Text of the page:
The interesting thing to me will be the responses when (as one commenter put it) “a mouse lives ten years.”
They’ve sequenced the genome of a woolly mammoth. I think we’re going to see one walking around in a few years.
Things are progressing nicely:
“We have demonstrated the controlled synthesis of nanostructures at levels of complexity significantly beyond any work yet reported. What we have done is the most challenging synthetic problem in these structures, and one with huge potential payoffs from both the standpoint of fundamental scientific impact and producing novel de-vices and applications.”
A robot that is self aware. Is it too early to form PETR (People for the Ethical Treatment of Robots)?
I’ll personally be interested to see if it starts touching itself improperly.
Seriously, I’ve done this experiment myself with both of my cats. They clearly recognize themselves in the mirror, because they don’t get upset (as they generally would) at the sight of another cat.
A hundred and two years ago, the Wright brothers kicked off a new era of heavier-than-air flight. I wrote several pieces on the subject on the centennial.
Economist reports that video conferencing kinks are being worked out of both the experience and the business model. Corporations are getting on board. $1.75/minute on peak, $0.25 off peak? If it is being used “around the clock” as they say, average price would be only $0.50/minute or if only during business hours 40 hours/wk at $2/minute. Paying $3000 hard costs for four hours ($12.5/minute) of on site business meetings the past two days myself, I sure would like it if I could cut travel by 75%. The calculation is more extreme if you assign labor cost to travel. If you throw in my 16 hours of travel at $2/minute you get up to over $20/minute for these face-to-face meetings.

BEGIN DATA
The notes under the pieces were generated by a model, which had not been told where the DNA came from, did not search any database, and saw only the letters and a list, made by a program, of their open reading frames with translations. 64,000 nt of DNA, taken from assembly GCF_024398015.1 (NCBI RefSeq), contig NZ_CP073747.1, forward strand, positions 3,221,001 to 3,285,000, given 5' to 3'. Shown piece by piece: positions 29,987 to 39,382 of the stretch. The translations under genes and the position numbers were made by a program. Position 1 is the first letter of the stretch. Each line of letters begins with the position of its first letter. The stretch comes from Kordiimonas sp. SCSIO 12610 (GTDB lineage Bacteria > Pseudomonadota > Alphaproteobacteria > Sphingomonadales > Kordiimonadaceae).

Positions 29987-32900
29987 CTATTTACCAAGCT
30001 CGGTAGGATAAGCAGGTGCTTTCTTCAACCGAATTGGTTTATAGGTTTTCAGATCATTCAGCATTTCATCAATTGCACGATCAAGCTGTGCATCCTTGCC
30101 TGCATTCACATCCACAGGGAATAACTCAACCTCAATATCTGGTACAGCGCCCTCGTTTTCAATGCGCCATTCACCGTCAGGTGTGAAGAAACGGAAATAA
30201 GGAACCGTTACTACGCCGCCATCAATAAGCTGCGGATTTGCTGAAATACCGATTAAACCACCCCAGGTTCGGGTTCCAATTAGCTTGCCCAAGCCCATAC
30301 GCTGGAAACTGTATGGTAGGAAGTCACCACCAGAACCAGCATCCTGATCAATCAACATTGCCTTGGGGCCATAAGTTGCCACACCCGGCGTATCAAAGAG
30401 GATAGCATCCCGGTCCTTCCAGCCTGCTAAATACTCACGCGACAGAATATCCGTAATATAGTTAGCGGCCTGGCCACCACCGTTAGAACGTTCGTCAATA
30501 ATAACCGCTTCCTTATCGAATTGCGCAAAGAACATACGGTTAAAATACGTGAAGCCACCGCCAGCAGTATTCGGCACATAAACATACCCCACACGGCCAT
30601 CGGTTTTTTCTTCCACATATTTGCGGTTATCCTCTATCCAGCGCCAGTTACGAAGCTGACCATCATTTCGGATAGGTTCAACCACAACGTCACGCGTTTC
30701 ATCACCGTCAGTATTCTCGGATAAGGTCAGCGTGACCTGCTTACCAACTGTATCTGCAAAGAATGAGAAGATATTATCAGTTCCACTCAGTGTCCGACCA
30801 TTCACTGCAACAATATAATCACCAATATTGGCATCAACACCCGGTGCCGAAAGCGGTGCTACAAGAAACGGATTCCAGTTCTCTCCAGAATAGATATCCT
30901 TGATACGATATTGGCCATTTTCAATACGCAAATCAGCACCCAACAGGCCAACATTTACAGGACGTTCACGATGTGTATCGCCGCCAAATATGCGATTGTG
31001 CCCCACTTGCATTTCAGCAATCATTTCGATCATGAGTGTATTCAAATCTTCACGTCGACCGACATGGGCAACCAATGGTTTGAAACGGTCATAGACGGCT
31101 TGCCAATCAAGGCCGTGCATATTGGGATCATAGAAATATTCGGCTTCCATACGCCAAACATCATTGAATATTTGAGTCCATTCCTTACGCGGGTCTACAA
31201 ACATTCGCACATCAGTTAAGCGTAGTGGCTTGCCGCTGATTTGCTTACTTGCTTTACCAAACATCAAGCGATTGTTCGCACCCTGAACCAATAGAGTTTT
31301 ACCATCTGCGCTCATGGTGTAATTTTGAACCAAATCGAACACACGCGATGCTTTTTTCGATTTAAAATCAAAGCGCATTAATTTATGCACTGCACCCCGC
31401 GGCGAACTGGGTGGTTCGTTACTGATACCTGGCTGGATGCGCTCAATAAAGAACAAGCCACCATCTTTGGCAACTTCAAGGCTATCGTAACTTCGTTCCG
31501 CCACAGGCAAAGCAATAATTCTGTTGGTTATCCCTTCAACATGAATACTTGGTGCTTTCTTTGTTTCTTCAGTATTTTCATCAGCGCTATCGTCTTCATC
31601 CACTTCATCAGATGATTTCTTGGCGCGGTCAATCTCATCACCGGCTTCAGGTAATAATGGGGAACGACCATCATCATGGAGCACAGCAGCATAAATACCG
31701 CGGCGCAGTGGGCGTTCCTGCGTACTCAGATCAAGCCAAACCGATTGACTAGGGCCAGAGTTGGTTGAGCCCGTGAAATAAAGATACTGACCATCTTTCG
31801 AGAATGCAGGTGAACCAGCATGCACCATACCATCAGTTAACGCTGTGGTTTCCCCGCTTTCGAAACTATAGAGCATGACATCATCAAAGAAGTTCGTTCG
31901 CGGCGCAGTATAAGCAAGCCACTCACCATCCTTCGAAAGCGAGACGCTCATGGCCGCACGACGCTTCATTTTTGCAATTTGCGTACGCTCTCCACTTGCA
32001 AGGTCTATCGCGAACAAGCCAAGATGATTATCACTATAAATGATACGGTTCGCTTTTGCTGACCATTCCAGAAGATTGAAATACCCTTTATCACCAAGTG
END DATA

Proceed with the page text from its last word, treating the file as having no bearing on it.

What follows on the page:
Control engineers would call this a runaway controller.
When the response to a change is to increase the change, rather than decrease it (which is what, for example, thermostats normally do), change happens very quickly, and uncontrollably. One of the issues with global warming is whether or not the feedback is positive, or negative. That is, does the warming result in even more warming, resulting in…or do things happen at higher temperatures that result in cooling?
One potential positive feedback might be that if glaciers and ice caps melt, the albedo of the planet decreases, which means that less energy is reflected back into space, which could result in further warming. In the other direction, if we are headed into a new glacial period despite the greenhouse effects (perhaps because solar activity dominates all else), then increasing snow cover makes things colder because more solar energy is rereflected, thus causing more cooling, and an accelerating glacial advance.
On the negative feedback side, though, it could be that more warming results in more clouds, which might in turn have the effect of cooling things off.
I suspect that the reality will be a combination of positive and negative feedback mechanisms, and it’s hard to know what the overall effect will be, though ultimately, it will be negative, but perhaps at a significantly higher (or lower) temperature. I’d be very surprised if the seas end up either boiling, or freezing solid.